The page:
So there’s been some good action in the comments section of my recent post on vintage tabletop hockey games (you can skip to the comments section here). One of the things that my friend Earl (whom we have to thank for this whole tabletop-hockey thread) said in a comment today really stuck with me. He was writing about the Munro Hockey Game, a bare-bones tabletop model that brought endless hours of fun to kids in the middle of the last century. As you can read here, the game was invented and produced by Donald Munro in his Toronto home, and it caught on thanks to being picked up and marketed by the two Canadian retail (and catalogue) giants, Eaton’s and Simpson’s. As Earl put it so well, it was back in “that halcyon Murray Westgate era when Canadians still made things with their own hands.” (As opposed to importing them from China, as we do today.)
Anyway, that got me thinking about a couple of other things that I’ve happily collected for the Manse, including the folding card-table set that you see atop this post (placed in the Manse’s children’s corner, which features a lot of vintage Fisher-Price toys). You do remember this table-and-chair set, right? Of course you do. Your grandparents had it. Everyone’s grandparents had it back in the 1960s. It was where you played your first-ever game of Monopoly, after you were given it for Christmas in about 1968. Where your grandparents played Canasta with friends. Where your little brother was parked to do crayon drawings when he was underfoot.
Oh all right, that’s all me (and my little brother). But I know that most readers have most certainly seen just this chair-and-table set before. And I’m guessing that the reason is that it was probably sold, like Donald Munro’s tabletop hockey game, through the Eaton’s and Simpson’s catalogues. The ubiquity and popularity of those handy retail tools made many such items equally ubiquitous in Canadian households.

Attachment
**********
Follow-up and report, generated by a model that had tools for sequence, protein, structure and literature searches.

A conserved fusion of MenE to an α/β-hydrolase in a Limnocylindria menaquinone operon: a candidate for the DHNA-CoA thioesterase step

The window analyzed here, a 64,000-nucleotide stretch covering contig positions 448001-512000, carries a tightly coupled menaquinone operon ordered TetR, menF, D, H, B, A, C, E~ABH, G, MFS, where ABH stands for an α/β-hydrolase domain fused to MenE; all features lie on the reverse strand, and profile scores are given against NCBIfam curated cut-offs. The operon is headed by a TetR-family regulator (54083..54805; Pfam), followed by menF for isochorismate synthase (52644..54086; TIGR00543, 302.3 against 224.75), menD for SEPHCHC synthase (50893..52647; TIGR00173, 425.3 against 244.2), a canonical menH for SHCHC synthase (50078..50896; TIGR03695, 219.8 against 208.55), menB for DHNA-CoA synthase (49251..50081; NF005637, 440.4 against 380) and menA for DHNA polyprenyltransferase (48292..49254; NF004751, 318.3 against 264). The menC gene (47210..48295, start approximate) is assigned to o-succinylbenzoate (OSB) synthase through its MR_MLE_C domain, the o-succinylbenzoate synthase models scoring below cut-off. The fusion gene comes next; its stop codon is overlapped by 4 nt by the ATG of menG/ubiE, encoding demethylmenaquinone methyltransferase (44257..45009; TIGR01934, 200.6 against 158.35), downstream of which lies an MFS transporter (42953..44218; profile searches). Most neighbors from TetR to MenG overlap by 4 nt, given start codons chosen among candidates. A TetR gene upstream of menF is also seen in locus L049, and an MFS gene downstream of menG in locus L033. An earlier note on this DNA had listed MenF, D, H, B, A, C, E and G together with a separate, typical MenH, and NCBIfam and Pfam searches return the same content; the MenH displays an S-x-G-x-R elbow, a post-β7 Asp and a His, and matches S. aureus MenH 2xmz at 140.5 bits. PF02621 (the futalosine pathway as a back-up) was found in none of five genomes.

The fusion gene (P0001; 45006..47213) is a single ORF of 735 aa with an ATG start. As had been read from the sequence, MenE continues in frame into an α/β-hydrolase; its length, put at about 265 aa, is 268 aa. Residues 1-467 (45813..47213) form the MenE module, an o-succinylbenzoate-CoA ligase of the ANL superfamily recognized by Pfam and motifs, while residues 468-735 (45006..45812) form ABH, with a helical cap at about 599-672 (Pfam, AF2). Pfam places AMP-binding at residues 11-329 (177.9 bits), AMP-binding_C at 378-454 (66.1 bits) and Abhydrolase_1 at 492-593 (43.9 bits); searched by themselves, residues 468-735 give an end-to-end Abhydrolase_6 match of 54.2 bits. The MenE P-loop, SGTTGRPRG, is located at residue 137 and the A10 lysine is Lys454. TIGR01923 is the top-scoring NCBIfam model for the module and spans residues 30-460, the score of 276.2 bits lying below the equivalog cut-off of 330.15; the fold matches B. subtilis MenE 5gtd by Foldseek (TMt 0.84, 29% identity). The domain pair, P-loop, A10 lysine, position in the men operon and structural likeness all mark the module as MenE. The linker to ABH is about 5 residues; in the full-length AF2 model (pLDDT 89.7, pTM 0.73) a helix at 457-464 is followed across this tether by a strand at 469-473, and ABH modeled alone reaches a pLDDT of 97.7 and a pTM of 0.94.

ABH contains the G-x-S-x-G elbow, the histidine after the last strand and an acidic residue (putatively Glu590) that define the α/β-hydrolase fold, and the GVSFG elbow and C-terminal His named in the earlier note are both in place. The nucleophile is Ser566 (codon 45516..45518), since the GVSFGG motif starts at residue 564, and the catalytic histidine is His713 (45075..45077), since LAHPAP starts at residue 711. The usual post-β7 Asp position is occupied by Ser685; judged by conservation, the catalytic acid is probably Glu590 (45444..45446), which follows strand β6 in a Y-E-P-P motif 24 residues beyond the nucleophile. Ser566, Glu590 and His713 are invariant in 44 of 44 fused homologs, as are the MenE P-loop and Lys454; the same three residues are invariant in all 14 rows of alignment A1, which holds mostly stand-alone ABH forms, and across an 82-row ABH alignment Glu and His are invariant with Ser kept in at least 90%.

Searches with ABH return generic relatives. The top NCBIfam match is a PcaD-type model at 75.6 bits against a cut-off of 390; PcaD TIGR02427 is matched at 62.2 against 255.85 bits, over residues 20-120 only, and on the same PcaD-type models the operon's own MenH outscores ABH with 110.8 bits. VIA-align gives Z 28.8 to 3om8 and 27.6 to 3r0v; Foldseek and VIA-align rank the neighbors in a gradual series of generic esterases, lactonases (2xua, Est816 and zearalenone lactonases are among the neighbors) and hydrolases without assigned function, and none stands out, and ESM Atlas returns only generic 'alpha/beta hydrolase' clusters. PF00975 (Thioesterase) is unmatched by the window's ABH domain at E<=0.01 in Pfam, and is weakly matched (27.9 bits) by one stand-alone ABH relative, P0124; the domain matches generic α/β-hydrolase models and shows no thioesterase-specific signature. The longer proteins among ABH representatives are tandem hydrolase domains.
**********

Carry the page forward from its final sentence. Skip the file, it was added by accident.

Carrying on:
You know me well enough by now to know that I was very happy indeed when I found such a table-and-chairs set for sale at the Stratford (Ont.) Antique Warehouse and so could add it to my midcentury collection. But it was only when I got it unloaded at the Manse that I discovered something that added to its niftiness, aside from my childhood Monopoly memories. Look at this label, still affixed to one (and only one) of the chairs:
Made in little Brighton, Ont.! (Not very far away from the Manse in Queensborough, as it happens.) Given the aforementioned ubiquity of these sets, I’m guessing that Cooey Metal Products Limited of Brighton was just pumping them out for a few decades to fill demand. (In fact, thanks to the internet and more specifically a post on an interesting blog I’ve just discovered called Progress is fine, but it’s gone on for too long, I have learned that Cooey Metal Products was “a manufacturer of utility metal furniture, such as stacking chairs, folding card tables and chairs which were sold through large retail chains and furniture stores across Canada. The plant was in operation from 1941 (to) 1989.”
It’s interesting to think that once upon a time in small towns and cities across Canada there were modest-sized factories manufacturing all manner of things – things that Canadians needed, wanted and used.
I miss those days.